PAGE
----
Posts Tagged malformations
[ARTICLE] Levetiracetam for epilepsy: an evidence map of efficacy, safety and economic profiles – Full Text
Objective: To evaluate the efficacy, safety and economics of levetiracetam (LEV) for epilepsy.
Materials and methods: PubMed, Scopus, the Cochrane Library, OpenGrey.eu and ClinicalTrials.gov were searched for systematic reviews (SRs), meta-analyses, randomized controlled trials (RCTs), observational studies, case reports and economic studies published from January 2007 to April 2018. We used a bubble plot to graphically display information of included studies and conducted meta-analyses to quantitatively synthesize the evidence.
Results: A total of 14,803 records were obtained. We included 30 SRs/meta-analyses, 34 RCTs, 18 observational studies, 58 case reports and 2 economic studies after the screening process. The included SRs enrolled patients with pediatric epilepsy, epilepsy in pregnancy, focal epilepsy, generalized epilepsy and refractory focal epilepsy. Meta-analysis of the included RCTs indicated that LEV was as effective as carbamazepine (CBZ; treatment for 6 months: 58.9% vs 64.8%, OR=0.76, 95% CI: 0.50–1.16; 12 months: 54.9% vs 55.5%, OR=1.24, 95% CI: 0.79–1.93), oxcarbazepine (57.7% vs 59.8%, OR=1.34, 95% CI: 0.34–5.23), phenobarbital (50.0% vs 50.9%, OR=1.20, 95% CI: 0.51–2.82) and lamotrigine (LTG; 61.5% vs 57.7%, OR=1.22, 95% CI: 0.90–1.66). SRs and observational studies indicated a low malformation rate and intrauterine death rate for pregnant women, as well as low risk of cognitive side effects. But psychiatric and behavioral side effects could not be ruled out. LEV decreased discontinuation due to adverse events compared with CBZ (OR=0.52, 95% CI: 0.41–0.65), while no difference was found when LEV was compared with placebo and LTG. Two cost-effectiveness evaluations for refractory epilepsy with decision-tree model showed US$ 76.18 per seizure-free day gained in Canada and US$ 44 per seizure-free day gained in Korea.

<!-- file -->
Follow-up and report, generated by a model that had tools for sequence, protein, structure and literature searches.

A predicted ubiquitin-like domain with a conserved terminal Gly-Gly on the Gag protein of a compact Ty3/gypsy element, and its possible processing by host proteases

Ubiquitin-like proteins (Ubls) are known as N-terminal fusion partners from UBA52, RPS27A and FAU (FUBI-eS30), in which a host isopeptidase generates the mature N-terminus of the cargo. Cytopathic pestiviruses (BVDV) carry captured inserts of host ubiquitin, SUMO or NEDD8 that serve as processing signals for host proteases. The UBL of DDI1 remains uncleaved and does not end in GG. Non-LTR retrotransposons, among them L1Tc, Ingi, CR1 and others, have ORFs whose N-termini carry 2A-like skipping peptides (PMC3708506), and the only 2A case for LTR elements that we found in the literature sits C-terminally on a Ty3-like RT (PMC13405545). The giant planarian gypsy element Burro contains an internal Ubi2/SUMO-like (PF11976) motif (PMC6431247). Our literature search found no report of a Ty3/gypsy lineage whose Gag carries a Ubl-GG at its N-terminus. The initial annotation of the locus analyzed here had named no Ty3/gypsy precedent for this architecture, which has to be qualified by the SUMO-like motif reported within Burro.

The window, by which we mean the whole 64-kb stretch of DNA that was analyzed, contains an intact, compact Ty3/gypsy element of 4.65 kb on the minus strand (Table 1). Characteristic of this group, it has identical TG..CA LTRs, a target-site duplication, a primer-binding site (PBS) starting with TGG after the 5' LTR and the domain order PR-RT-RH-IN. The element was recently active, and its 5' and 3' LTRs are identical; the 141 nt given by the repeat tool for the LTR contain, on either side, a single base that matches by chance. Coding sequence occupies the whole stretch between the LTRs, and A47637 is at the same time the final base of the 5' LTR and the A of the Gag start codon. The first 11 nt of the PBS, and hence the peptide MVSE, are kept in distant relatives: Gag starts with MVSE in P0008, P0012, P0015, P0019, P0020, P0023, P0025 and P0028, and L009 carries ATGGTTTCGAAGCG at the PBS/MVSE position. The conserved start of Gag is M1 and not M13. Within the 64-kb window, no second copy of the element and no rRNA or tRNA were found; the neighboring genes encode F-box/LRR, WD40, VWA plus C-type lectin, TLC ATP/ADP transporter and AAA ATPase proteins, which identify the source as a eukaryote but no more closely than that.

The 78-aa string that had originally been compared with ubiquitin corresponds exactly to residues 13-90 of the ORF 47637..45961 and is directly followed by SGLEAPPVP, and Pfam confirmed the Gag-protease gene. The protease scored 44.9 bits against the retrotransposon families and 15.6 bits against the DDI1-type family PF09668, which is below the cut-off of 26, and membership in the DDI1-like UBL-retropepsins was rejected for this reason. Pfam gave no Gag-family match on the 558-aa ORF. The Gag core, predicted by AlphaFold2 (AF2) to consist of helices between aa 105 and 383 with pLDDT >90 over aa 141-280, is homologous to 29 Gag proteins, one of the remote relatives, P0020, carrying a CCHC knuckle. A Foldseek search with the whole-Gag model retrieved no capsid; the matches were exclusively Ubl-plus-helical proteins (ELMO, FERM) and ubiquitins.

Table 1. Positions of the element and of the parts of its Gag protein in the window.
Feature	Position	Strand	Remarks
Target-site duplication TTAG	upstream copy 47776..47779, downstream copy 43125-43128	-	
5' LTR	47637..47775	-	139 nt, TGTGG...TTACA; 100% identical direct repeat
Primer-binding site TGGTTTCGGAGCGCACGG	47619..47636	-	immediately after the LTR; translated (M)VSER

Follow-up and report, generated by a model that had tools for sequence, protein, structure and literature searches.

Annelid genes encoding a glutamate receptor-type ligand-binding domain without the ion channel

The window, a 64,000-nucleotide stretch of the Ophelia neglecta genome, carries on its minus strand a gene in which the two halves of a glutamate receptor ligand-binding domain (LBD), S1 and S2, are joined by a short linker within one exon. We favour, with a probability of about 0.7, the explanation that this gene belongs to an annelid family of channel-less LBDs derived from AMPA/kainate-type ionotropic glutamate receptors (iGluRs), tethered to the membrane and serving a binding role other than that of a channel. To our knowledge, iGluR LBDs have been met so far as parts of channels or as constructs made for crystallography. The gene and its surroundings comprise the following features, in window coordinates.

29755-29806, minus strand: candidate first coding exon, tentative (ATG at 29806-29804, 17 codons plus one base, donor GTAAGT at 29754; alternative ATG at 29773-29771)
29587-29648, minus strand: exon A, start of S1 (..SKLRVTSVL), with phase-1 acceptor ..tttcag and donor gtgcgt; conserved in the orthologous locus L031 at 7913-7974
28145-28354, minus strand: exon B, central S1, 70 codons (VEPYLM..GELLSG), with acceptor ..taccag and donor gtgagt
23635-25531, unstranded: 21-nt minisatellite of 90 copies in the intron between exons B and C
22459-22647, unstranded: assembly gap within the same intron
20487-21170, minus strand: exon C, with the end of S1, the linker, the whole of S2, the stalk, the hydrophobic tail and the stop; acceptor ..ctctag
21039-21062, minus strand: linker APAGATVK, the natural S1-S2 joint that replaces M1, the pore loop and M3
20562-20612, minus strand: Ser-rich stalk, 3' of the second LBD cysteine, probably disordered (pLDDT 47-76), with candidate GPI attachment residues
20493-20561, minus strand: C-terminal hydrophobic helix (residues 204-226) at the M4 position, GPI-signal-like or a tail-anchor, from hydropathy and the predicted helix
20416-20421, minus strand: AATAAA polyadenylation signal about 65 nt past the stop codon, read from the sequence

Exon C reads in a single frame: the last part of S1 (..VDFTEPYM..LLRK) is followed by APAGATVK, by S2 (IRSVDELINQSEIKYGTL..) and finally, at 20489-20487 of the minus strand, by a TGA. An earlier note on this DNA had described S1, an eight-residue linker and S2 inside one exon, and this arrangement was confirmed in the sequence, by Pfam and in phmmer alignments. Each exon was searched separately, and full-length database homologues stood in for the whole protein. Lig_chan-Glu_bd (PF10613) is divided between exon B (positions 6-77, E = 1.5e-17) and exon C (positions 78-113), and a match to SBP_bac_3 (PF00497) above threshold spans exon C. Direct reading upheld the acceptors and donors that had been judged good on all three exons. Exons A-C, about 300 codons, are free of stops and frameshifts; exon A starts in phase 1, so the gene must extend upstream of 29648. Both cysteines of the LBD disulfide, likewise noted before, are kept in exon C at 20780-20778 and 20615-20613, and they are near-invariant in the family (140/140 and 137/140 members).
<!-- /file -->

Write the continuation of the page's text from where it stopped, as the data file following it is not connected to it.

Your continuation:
Conclusion: LEV is as effective as CBZ, oxcarbazepine, phenobarbital and LTG and has an advantage for pregnant women and in cognitive functions. Limited evidence supports its cost-effectiveness
Epilepsy ranks fourth after tension-type headache, migraine and Alzheimer disease in the world’s neurological disorders burden.1 A systematic review (SR) and meta-analysis of international studies reported that the point prevalence of active epilepsy was 6.38 per 1,000 people, while the lifetime prevalence was 7.60 per 1,000 people. The annual cumulative incidence of epilepsy was 67.77 per 100,000 people, while the incidence rate was 61.44 per 100,000 person-years.2 As a fairly common clinical condition affecting all ages and requiring long-term, sometimes lifelong, treatment, epilepsy incurs high health care costs for the society.1 In 2010, the total annual cost for epilepsy was 13.8 billion and the total cost per patient was €5,221 in Europe.3 Meanwhile, in the USA, epilepsy-related costs ranged from $1,022 to $19,749 per person annually.4 What is more, drug-refractory epilepsy was a major cost driver,5 with main costs from anticonvulsants, hospitalization and early retirement.6